A little more than five years ago, South London NHS Healthcare Trust was broken up – in part because it was too big and unwieldy; the merger of two trusts in Bournemouth and Poole was blocked on competition grounds; and Monitor published a report on small hospitals that raised doubts about economies of scale in health care. But times, or at least health care strategy, seem to be changing.
The proposed merger of Guy’s and St Thomas’ NHS Foundation Trust and the Royal Brompton and Harefield NHS Foundation Trust will create a genuine super-trust. The new organisation will employ more than 21,000 staff with an annual turnover slightly more than £2 billion – higher than any other trust in England (Figure 1). But this new super-trust will not be alone.
The number of providers, commissioners and national bodies has been whittled away over the past decade, creating larger and larger organisations. Over this time, the NHS has moved from 250 provider trusts to fewer than 220 (with Bournemouth and Poole merger plans back on the front burner). After an informal ban on mergers in the initial years after the Health and Social Care Act, the number of clinical commissioning groups has reduced from 213 to 135, with many more mergers planned. And the NHS Commissioning Board, Monitor and Trust Development Authority (and many other bodies besides) are slowly consolidating into a single national organisation in NHS England and NHS Improvement. As one NHS chief executive memorably noted, the NHS landscape is becoming more of a portrait.
The desire to have fewer organisations in the NHS is not remarkable in itself. It reflects beliefs that larger organisations can deliver greater efficiency through economies of scale; that talented leadership and good clinical practice can be franchised across a wider range of services and geographies; that transaction costs will fall because there would be fewer moving pieces in the health and care system; and an underlying sense – often flying in the face of evidence and experience – that ‘bigger is just better’.
What is more remarkable perhaps, is the sheer scale and complexity of some of the new organisations taking shape.
'Because of this rising complexity, everything from lung transplants to a flu vaccination can sit under the aegis of a single NHS board.'
Ten years ago, providers were ‘complex’ if they offered hospital, specialist and community services. Now, acute hospitals and mental health and community providers have merged in Cumbria and Somerset; NHS organisations are providing adult social care services in Salford and Wirral; and several NHS hospitals are directly employing GPs and offering primary care services. Because of this rising complexity, everything from lung transplants to a flu vaccination can sit under the aegis of a single NHS board.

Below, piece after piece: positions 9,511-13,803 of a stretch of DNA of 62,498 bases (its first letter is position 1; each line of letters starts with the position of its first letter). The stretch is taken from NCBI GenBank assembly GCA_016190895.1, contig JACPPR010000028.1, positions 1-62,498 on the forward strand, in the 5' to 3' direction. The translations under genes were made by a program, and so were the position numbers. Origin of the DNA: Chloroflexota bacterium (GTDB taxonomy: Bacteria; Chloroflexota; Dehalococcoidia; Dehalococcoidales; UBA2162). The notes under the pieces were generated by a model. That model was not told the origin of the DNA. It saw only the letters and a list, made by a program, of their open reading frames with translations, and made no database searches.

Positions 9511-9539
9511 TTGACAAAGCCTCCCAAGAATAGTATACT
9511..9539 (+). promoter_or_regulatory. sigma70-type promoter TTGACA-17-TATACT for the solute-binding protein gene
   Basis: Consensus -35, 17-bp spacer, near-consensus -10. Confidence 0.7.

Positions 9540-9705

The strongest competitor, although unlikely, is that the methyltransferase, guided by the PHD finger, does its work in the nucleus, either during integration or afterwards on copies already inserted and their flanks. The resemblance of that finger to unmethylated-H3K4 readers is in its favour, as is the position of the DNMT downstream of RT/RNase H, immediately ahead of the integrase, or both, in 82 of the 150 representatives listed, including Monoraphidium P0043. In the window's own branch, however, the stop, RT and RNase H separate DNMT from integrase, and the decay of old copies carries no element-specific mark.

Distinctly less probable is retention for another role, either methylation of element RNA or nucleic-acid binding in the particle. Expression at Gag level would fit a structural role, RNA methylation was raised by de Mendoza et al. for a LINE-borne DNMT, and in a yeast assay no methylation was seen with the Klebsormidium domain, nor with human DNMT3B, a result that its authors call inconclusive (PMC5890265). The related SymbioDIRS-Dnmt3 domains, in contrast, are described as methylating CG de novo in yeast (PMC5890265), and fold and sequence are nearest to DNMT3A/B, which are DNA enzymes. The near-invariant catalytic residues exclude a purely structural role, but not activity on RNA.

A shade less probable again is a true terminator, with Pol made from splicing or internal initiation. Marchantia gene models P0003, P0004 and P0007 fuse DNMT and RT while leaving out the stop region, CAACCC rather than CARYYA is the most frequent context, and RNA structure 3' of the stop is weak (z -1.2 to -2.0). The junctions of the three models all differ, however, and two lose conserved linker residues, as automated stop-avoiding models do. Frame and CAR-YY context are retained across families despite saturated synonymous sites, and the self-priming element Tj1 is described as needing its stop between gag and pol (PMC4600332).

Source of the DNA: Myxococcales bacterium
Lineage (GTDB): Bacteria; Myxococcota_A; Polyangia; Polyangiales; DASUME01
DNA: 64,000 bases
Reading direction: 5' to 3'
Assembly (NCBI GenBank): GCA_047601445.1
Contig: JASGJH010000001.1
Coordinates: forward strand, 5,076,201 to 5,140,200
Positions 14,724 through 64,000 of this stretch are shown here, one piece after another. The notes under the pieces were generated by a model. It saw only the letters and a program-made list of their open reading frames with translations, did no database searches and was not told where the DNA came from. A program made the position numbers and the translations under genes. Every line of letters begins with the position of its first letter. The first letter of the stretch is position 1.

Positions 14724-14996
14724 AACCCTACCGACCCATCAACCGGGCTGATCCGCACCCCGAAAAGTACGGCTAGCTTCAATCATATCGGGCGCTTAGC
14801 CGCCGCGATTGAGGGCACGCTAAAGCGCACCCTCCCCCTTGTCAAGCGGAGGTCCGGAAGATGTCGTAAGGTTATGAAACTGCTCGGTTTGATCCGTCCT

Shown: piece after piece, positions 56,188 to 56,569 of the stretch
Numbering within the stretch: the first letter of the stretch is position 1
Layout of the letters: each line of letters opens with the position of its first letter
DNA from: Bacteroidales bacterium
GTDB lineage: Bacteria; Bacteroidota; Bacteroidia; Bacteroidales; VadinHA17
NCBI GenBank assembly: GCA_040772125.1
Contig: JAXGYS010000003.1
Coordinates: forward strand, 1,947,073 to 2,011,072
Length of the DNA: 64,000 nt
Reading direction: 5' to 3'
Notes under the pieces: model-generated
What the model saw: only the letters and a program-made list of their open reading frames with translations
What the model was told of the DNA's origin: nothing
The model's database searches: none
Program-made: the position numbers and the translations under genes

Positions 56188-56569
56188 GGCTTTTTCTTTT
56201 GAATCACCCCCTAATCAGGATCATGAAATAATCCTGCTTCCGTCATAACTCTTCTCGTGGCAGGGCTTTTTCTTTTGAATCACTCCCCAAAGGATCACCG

And the complexity extends to the ties that bind organisations together. Ten years ago, formal merger or acquisition – often supported by large slugs of financial support from the Department of Health and Social Care – was broadly the only game in town. Now, organisations can work more closely by establishing clinical networks, joining hospital groups or through sharing leadership teams. This latter approach has been most evident in London, where power-sharing arrangements mean a small number of chairs now oversee a substantial portion of the NHS’s total budget (Figure 2).
Having fewer and larger organisations in the NHS seems to be the zeitgeist, either as an implicit national strategy or a natural organic process. But, before accepting this as an inevitable trend, local and national leaders might want to ask themselves a few questions to check if the pursuit of larger scale is the right strategy for them and whether they have the operational processes in place to pull it off.
First, do leaders of growing trusts know what makes them good and how to spread it? Even the most rigorous adopters of quality improvement methods note how difficult it is to codify what makes high-performing organisations tick, and how to distinguish the impact of having effective replicable processes from having effective (though harder to replicate) individual leaders.
Second, do they know what this means for the leadership of their organisation? The new structures that are emerging are already creating new tiers of ‘group-level’ executives that run organisations, and ‘managing director teams’ who run individual sites. And for the moment it is unclear what this means for the career paths and training needs of future NHS leaders.
Third, how will these new organisational forms change the approach of national bodies? For example, the desire to maintain separate Care Quality Commission or NHS Improvement regulatory ratings might be enough to persuade the board of a high-performing trust to shun merger and pursue more informal collaboration with a challenged neighbour. And it is unclear whether ever-larger provider organisations will counterbalance or overpower commissioners in emerging integrated care systems.
'But in health care, we seem to conflate size with success, we can underestimate the disruption these structural changes have on staff...'
Large organisations are not inherently bad and a few NHS organisations that are huge by domestic and European standards have demonstrated strong clinical and financial performance in recent years. But in health care, we seem to conflate size with success, we can underestimate the disruption these structural changes have on staff, and we are strikingly poor at spotting a good collaboration from a bad one in advance. For these reasons, the quest for the next super-trust should perhaps be taken with more caution than abandon.